London to Magadan on the 'Road of Bones', Lemont Man Departs for Adventure of a Lifetime
This week, Robert Echard departed for London, England. That's where his motorcycling adventure of a lifetime will begin.
For the next 200 days, or so, the Lemont resident will travel more than 18,000 miles around the world, including several thousand miles along the Road of Bones in Russia.
The first leg of the trip, London to Magadan, a small town on the eastern coast of Russia, will cover some 15,000 miles and pass through 16 nations in Europe and Asia.
Along the route — including long stretches of dirt roads and treacherous bridges — Echard will take in some of the world's most scenic regions and geographic regions, places that few of us will ever experience.
"The greatest challenge will be the infamous 'Road of Bones,'" says Echard. "The road was built in the 1930's when Josef Stalin ordered its construction so that mining industry vehicles could have access to the region."
The name "Road of Bones" was earned by the horrible practice of burying dead prisoners in the road surface. The permafrost made normal burial impossible. When those inmates died from exhaustion and inhumane conditions in the wilderness, Stalin simply rounded up more political prisoners to exploit in labor camps.
"The prisoners were starved and worked to death, and their bodies thrown into the roadbed," Echard explains.
The condition of the road today makes for difficult travel at best. However, those difficulties make for a true motorcycle adventure.
For Echard, this is the realization of a long-standing dream to circumnavigate the globe. He is no neophyte when it comes to adventure motorcycling. He has ridden along the entire length of South America, and to Alaska from Centre County several times, among other trips.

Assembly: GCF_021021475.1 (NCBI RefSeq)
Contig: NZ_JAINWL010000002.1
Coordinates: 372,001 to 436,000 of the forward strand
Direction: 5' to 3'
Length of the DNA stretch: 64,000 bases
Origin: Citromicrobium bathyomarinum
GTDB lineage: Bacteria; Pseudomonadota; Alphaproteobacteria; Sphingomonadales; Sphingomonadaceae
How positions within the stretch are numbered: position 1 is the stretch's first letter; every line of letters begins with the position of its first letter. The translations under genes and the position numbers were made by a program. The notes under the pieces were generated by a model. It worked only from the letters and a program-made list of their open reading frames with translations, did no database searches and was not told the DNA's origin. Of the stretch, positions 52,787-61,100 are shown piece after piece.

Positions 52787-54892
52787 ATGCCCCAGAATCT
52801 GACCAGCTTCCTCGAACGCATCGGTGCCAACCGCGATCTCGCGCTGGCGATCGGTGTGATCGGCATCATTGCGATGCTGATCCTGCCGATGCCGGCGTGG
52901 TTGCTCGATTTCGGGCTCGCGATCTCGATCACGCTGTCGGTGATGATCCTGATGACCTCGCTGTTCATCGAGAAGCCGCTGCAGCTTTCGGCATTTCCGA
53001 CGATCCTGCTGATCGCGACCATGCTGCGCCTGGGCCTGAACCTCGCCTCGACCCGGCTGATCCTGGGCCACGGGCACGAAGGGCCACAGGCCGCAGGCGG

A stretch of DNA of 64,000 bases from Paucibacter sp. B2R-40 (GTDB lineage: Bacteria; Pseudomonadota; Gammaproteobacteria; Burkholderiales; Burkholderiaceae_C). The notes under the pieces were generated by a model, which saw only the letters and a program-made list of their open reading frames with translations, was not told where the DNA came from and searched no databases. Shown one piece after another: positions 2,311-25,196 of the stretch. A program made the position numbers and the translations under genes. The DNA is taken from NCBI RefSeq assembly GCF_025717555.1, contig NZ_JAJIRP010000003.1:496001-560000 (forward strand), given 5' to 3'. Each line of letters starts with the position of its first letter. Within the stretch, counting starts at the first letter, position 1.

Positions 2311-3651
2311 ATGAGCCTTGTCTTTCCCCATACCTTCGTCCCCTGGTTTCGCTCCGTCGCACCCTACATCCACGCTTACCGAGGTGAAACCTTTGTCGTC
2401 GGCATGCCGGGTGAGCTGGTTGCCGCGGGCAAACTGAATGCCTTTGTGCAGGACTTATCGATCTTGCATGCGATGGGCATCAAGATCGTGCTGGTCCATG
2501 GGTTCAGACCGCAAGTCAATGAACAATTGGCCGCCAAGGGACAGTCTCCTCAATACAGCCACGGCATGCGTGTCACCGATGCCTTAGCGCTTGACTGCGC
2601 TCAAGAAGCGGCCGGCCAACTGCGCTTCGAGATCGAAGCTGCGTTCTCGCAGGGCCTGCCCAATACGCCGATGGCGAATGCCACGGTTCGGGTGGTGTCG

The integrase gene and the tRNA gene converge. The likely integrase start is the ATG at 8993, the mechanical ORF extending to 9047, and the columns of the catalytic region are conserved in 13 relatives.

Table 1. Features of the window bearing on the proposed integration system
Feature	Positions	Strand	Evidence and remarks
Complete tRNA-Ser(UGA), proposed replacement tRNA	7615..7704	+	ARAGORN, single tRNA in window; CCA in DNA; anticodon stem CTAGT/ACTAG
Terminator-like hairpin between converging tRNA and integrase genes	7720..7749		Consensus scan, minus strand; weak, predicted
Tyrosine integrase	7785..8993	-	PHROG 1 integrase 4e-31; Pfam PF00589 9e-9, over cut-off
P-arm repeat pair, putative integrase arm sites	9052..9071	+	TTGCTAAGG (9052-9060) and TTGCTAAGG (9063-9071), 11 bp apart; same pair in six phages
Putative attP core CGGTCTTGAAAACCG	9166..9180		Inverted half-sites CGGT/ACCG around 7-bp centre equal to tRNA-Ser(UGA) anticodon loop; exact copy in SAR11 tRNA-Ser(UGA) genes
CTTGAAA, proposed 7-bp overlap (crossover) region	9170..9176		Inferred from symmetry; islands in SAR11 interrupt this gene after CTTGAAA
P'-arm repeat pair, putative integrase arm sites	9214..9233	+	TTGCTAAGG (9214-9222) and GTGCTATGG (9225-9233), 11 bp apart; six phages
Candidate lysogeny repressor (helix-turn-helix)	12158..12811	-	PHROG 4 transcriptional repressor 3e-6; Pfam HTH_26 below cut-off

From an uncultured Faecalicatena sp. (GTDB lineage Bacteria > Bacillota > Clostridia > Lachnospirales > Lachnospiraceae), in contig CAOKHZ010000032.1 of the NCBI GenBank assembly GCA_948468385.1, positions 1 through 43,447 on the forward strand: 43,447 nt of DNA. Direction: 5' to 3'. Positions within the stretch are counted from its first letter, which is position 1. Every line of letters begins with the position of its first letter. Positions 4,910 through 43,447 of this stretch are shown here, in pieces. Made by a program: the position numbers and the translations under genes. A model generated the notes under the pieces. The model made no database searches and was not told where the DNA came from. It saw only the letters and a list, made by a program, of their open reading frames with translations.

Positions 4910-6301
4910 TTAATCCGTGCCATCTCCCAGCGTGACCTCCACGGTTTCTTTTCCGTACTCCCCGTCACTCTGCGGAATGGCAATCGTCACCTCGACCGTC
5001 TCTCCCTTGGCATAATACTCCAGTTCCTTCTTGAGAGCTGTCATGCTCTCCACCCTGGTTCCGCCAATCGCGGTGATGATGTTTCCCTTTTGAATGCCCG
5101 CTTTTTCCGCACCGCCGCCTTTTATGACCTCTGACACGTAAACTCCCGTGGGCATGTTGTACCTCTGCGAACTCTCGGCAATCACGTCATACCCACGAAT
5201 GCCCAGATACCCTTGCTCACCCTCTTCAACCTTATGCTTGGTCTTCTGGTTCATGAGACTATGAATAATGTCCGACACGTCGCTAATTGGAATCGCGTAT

The first leg of the current adventure takes a circuitous route through Turkey into Asia to avoid political hotspots.
The adventure was organized by Compass Expeditions of Australia. The company's two owners have made the trek to Magadan several times.
"Compass has made all of the reservations for the whole trip," explains Echard. "They've arranged for all the visas, 14 so far. There will also be a chase vehicle. Each rider will have three sets of tires on the chase vehicle. A motorcycle mechanic and a physician will be on board."
Echard would have preferred to take the trip on his own. "I wanted to travel with people I know and trust," he notes. No one was available and he didn't want to wait. "I knew I wasn't going to go it alone. I'm not good at other languages and at border crossings." Thus, he made the decision to hire Compass Expeditions.
The company is also responsible for shipping his motorcycle from State College to London and from Magadan to the United States.
The second leg of his journey will take him across the entire North American continent.
"For me, this is more than a cultural experience," Echard says. "I want to see geography and landscapes that few people get to see. My biggest concern is snow in Siberia in August. I'm sure there will be some."
As he made his way through Patagonia, Echard came to realize how little the world has changed in his lifetime. "We are still dealing with the same struggles that we've been dealing with for many years."
A retired engineer, senior auditor and substance abuse counselor in an eclectic career, Echard learned an important lesson from his mother.
"She always wanted to travel, but died too young," he says. "I'm 67. Now is the time to do this."
Echard's passion for motorcycle adventures began in his hometown of Osceola Mills when he was 16. "I started riding my dirt bike in the strip mines around the town," he says. "As a result, I have good dirt riding skills."
Skills that are likely to come in handy when he fords a river in Siberia.